With mid-term elections still more than eight months off, this column might be premature. Then again, I’m already hearing political ads on the radio, so maybe my timing isn’t so bad — especially since I hope to start a grass-roots movement.
If this column seems a bit iffy, feel free to blame it on my lack of exercise.
We can observe this growing societal narcissism, too, on social media sites like Facebook and Instagram. I have Facebook “friends” (some of them family members) who seemingly post a selfie a day.
Spending time on Facebook tends to make me angry —mostly because of all the political memes people post. Whether I disagree with the poster’s politics or agree and think our way of life faces imminent destruction, either way I’m angry, often for hours afterward.
Among the startling revelations that President Obama shared in last week’s State of the Union address was this gem: Some people make more money than others.
At the risk of sounding like an old fuddy-duddy, which I am not — well, maybe a little — I’d like to address some of the drawbacks of personal technology.
By now it should be ridiculously obvious to anyone who has not been living in a cave, or getting all their news from CSNBC (which is kind of like living in a cave), that neither of the two major political parties in this country represents the interests of middle-class Americans.
I don’t have anything against Mike Smith or Matt Ryan. I like them both, and I appreciate the stability and credibility they’ve brought to a franchise that has been the butt of jokes for much of my lifetime.
For the record, this is the 10th installment of “Stupid things,” meaning I’ve been spouting inanities now for more than a decade. Please know, I couldn’t have done it without you. My readers clearly rank among the most idiocy-tolerant people in the world, a distant second to Nancy Pelosi voters.
Each era produces its own slang. Some terms demonstrate staying power and become part of the lexicon, while others are relegated to the dustbin of linguistic history.
Call me out-of-date, but I’d much rather do things in the time-honored way: a nice dinner, in a room with decent lighting, where I can take my time over my food, enjoy some good conversation, and perhaps not end up with special sauce on my sweater, followed by a long-anticipated movie to which I can devote my full attention.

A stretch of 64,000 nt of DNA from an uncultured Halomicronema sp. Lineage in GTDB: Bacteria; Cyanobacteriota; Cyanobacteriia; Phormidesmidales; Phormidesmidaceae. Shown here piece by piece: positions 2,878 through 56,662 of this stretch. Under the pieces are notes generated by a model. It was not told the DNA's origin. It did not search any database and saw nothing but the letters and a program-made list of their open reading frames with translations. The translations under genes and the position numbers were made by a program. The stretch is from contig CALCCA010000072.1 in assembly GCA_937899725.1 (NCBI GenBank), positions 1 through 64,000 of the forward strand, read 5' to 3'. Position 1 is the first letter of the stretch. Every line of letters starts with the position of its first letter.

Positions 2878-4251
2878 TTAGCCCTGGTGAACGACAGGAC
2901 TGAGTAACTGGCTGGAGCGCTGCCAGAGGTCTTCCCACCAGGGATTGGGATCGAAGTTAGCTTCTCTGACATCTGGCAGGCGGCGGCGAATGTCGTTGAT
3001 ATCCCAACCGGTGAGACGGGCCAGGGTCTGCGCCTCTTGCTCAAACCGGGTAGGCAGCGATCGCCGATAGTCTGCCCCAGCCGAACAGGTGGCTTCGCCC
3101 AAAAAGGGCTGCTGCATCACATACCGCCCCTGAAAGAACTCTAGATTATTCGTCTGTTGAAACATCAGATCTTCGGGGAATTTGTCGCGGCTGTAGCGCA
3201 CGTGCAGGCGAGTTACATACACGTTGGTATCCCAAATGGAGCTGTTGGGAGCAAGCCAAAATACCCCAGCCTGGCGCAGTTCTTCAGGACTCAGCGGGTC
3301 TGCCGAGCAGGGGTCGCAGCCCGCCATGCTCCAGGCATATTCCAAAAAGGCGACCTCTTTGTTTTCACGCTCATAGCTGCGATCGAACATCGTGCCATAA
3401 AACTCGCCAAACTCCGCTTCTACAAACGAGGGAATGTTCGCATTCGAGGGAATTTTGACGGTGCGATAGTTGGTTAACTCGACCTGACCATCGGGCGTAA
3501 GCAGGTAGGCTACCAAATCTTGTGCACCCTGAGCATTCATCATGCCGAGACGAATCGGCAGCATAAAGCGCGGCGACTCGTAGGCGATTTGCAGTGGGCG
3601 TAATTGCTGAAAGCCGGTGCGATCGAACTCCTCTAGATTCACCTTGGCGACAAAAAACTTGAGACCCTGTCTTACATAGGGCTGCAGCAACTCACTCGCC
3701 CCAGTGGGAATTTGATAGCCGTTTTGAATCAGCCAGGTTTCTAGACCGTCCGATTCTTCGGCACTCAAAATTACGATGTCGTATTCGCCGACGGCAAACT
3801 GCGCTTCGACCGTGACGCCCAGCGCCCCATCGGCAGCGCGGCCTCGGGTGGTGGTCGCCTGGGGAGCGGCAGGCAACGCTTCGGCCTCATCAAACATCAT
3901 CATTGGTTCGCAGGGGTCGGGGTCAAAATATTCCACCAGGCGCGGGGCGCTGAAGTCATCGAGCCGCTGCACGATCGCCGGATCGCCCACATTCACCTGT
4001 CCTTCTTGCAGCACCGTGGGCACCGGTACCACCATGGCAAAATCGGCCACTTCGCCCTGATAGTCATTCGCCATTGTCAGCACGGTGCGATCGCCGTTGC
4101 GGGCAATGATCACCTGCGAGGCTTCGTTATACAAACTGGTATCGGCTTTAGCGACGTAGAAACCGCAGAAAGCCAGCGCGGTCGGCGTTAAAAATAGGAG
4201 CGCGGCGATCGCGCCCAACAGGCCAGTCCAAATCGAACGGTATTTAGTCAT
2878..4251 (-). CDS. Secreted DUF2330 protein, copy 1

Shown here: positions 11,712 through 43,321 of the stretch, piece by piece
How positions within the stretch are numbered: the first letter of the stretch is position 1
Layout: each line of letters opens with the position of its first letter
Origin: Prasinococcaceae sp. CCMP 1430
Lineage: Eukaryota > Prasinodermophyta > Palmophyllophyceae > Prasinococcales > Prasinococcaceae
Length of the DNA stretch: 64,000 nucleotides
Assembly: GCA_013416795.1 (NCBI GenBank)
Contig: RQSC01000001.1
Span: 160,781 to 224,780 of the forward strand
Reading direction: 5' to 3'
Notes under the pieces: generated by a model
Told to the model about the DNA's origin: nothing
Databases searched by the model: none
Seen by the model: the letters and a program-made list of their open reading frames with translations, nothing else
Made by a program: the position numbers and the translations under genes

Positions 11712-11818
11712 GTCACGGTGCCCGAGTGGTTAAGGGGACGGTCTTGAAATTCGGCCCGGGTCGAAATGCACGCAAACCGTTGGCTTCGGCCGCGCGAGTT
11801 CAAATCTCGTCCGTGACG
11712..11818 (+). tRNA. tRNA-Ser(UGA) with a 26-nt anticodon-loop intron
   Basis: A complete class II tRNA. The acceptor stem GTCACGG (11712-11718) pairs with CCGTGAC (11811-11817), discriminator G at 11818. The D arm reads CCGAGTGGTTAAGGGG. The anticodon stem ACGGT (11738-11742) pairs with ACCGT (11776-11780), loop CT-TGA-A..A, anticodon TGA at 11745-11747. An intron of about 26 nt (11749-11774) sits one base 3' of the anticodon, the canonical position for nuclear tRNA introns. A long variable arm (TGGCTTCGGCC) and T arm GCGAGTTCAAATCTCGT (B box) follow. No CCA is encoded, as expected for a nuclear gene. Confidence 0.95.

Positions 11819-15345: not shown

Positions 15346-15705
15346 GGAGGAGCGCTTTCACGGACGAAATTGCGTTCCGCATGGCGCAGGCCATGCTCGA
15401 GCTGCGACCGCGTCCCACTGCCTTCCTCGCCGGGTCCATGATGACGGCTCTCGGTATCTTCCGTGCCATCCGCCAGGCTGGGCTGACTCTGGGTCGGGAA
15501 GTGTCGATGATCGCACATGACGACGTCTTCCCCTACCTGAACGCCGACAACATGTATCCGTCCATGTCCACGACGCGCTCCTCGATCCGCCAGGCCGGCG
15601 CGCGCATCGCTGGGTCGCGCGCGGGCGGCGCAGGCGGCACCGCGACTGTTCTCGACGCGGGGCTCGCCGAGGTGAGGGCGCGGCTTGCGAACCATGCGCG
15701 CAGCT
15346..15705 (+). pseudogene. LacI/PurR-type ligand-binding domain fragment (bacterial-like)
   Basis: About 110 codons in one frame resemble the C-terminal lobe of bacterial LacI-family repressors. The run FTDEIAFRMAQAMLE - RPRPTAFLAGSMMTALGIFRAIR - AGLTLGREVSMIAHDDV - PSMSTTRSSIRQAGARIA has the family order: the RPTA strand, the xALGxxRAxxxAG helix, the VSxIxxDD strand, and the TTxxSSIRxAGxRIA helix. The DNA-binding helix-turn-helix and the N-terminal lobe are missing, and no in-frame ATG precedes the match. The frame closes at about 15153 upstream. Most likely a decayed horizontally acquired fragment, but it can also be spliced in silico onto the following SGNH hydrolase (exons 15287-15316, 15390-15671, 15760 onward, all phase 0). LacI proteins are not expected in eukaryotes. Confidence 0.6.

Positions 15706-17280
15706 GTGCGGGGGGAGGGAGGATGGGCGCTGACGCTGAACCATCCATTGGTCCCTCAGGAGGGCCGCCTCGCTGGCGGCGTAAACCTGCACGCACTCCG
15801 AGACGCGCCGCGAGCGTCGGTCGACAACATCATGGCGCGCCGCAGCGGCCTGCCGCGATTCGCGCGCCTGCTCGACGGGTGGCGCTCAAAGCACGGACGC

We are flying out to Boise for the holidays and taking our three sons, which means that for Christmas this year everyone’s getting a plane ticket and a small bag of Delta peanuts. Instead of letting Santa decide who’s been naughty and nice, we’ll have to leave that determination to the TSA.
We all know the nanny-staters, with which this country is rife and who in fact now seem to be running things, have long been opposed to fun.
All things being equal, most high schools will have a really tall kid every few years. Most will have the occasional college prospect, maybe two. But what should we make of those programs that feature a steady stream of 6-foot-9 athletes and boast multiple Division I signees every year? What are the odds that would occur randomly?
I don’t recommend the drive-through, however, for parents with small children. Using it will merely frustrate your real purpose: having half an hour to eat in peace while your kids will disappear inside the playground.
In cross country, parents pull for their kids, sure, but they also pull for all the other kids — even kids on other teams. One of the most heartwarming things I’ve ever seen in sports is a bunch of parents and athletes cheering on the very last runner as he or she approaches the finish line.
A recent study in the Journal of the American Medical Association found that one in 25 American teenagers attempts suicide and one in eight has thought about it. After recently reading a stack of essays written by high school seniors, I think I might have some ideas why.
One of the best things about our American higher education system is that it routinely offers students second chances — and sometimes third and fourth.
That’s the reason zero tolerance polices exist: So that self-styled “educators” don’t have to make judgment calls, something that would require using their common sense cortex, which for many of them atrophied long ago.
Three kets to a lasting marriage
Each fall I read the Peanuts cartoon in which Lucy entices Charlie Brown to kick the football — just so she call pull it away at the last minute and watch him fall flat on his back. And every year I want to scream, “Don’t do it, Charlie Brown! It’s a trick!”
We’ve all heard the old saying, “Aim for the sun and land among the stars.” That analogy might not be astronomically accurate, but we get the gist: strive for excellence and, even if you don’t quite get there, you will still have succeeded.
In place of the Common Core, Tienken calls for a system that would “end standardization, return local control, and provide financial and technical assistance for school districts to design comprehensive programs with large curriculum offerings to meet the needs of all kids.”
All you have to do is decide what’s important to you, then discard that in favor of what’s important to your wife, your kids, and your boss, in that order. Your own wants, desires, and needs come near the bottom of the list, just after those of the cat but before the house plants.